One of the judges who ruled in her favor, Rhesa Hawkins Barksdale, is a West Point grad, Vietnam vet, and one of the court's most conservative members, a sign, perhaps, of just how bad the facts are in this case. It's a big victory, but a bitter one that shows just how insidious mandatory arbitration is. It's taken Jones three years of litigation just to get to the point where she can finally sue the people who allegedly wronged her. It will be many more years before she has a shot at any real justice.

"We do not hold that, as a matter of law, sexual-assault allegations can never 'relate to' someone's employment," wrote the court. "For this action, however, Jones' allegations do not 'touch matters' related to her employment, let alone have a 'significant relationship' to her employment contract.

I wouldn't want to be the attorney arguing that an alleged sexual assault was the type of injury to be expected to arise from the employment contract, let's put it that way.
 
2009-10-07 04:32:50 PM  
KaponoFor3:
Why do you think they didn't? I haven't totally followed this case.


Neither have I, and I don't know why they didn't either. My speculative guess would be that this was around the time of the DOJ attorney firing scandal, in which the department was highly politicized, and policing of companies like Halliburton simply wasn't done. Now, apparently, they don't have any evidence, since KBR held it for 18 months and then turned it over with everything relevant gone.

It depends on how the language was crafted -- but I don't see any specific reason to exempt certain causes of action from an arbitration clause.

I would argue there's a pretty strong justification that if a contractor makes an "employment contract stipulated that sexual assault allegations would only be heard in private arbitration", and then tries to enforce that provision or otherwise delay the process by which things like a gang rape by their employees are enforced in the courts rather than internally, that contractor at the very least shouldn't be receiving federal funds. Shouldn't there be some kind of standard of decency in conduct for receiving taxpayer dollars? That's all I heard about when people were talking about ACORN.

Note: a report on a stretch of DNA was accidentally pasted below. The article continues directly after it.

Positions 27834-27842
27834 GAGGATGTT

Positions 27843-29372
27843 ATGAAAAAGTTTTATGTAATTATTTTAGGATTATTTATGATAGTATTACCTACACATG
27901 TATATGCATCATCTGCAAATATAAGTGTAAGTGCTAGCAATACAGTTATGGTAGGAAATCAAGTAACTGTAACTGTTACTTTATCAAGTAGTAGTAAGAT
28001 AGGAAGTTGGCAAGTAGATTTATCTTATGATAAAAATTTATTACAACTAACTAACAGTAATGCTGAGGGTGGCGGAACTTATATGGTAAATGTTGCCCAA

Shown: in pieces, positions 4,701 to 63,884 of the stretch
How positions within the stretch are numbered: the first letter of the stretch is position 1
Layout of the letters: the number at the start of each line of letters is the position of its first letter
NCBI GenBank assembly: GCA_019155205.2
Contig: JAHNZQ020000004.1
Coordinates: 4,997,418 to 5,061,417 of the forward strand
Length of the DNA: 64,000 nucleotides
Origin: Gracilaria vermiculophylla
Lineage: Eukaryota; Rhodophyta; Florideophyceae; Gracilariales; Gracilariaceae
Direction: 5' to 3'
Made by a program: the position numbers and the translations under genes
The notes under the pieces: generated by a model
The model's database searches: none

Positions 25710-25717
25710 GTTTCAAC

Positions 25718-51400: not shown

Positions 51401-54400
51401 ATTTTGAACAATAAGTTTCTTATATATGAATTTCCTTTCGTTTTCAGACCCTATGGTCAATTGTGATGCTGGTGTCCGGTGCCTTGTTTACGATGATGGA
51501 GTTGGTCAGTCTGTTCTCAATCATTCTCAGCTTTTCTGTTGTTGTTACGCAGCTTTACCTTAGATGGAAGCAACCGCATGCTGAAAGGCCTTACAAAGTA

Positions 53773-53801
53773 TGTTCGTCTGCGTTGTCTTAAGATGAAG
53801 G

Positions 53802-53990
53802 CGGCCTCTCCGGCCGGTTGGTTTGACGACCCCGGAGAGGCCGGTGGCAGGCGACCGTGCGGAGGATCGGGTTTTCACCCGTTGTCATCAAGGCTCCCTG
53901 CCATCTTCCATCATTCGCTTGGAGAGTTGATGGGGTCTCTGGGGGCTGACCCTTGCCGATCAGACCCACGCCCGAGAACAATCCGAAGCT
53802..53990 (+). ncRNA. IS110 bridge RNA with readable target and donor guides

2009-10-07 04:35:09 PM  
KaponoFor3:
I wouldn't want to be the attorney arguing that an alleged sexual assault was the type of injury to be expected to arise from the employment contract, let's put it that way.


I don't know - given all the stuff that has come out about our contractors over there, one could make a case that sexual assault is just part of the job description that you should expect when you sign up with them.
 
2009-10-07 04:42:32 PM  
Well you know what they say, rape me once, shame on you...
 
2009-10-07 04:48:11 PM  
Racht: Now, apparently, they don't have any evidence, since KBR held it for 18 months and then turned it over with everything relevant gone.

The Wiki did say that they do have the rape kit now though. That plus her testimony, and/or the testimony of the only person who allegedly admitted to her that he participated in the attack, should be enough for convictions.
 
2009-10-07 05:07:38 PM  
Was it rape, or was it raperape?

Maybe grapeape?
 
2009-10-07 05:15:34 PM  
KaponoFor3: I wouldn't want to be the attorney arguing that an alleged sexual assault was the type of injury to be expected to arise from the employment contract, let's put it that way.

I did a mock trial once back in '88 and was defending a prison that fired a security guard with AIDS. Not fun. Plus, AIDS was a touchier subject back then.

I'm still not sure how you put something in a contract that bars you from pursuing criminal charges outside of arbitration. How legal can that contract be?
 
2009-10-07 05:20:30 PM  
How much rape?

I think less than 40lbs is a misdemeanor...
 
2009-10-07 05:23:18 PM  
Is anyone surprised the example is Halliburton?
 
2009-10-07 05:28:02 PM  
GAT_00: Is anyone surprised the example is Halliburton?

It's the Aristotelian perfect type, that all other abysmally scummy and corrupt businesses aspire to be.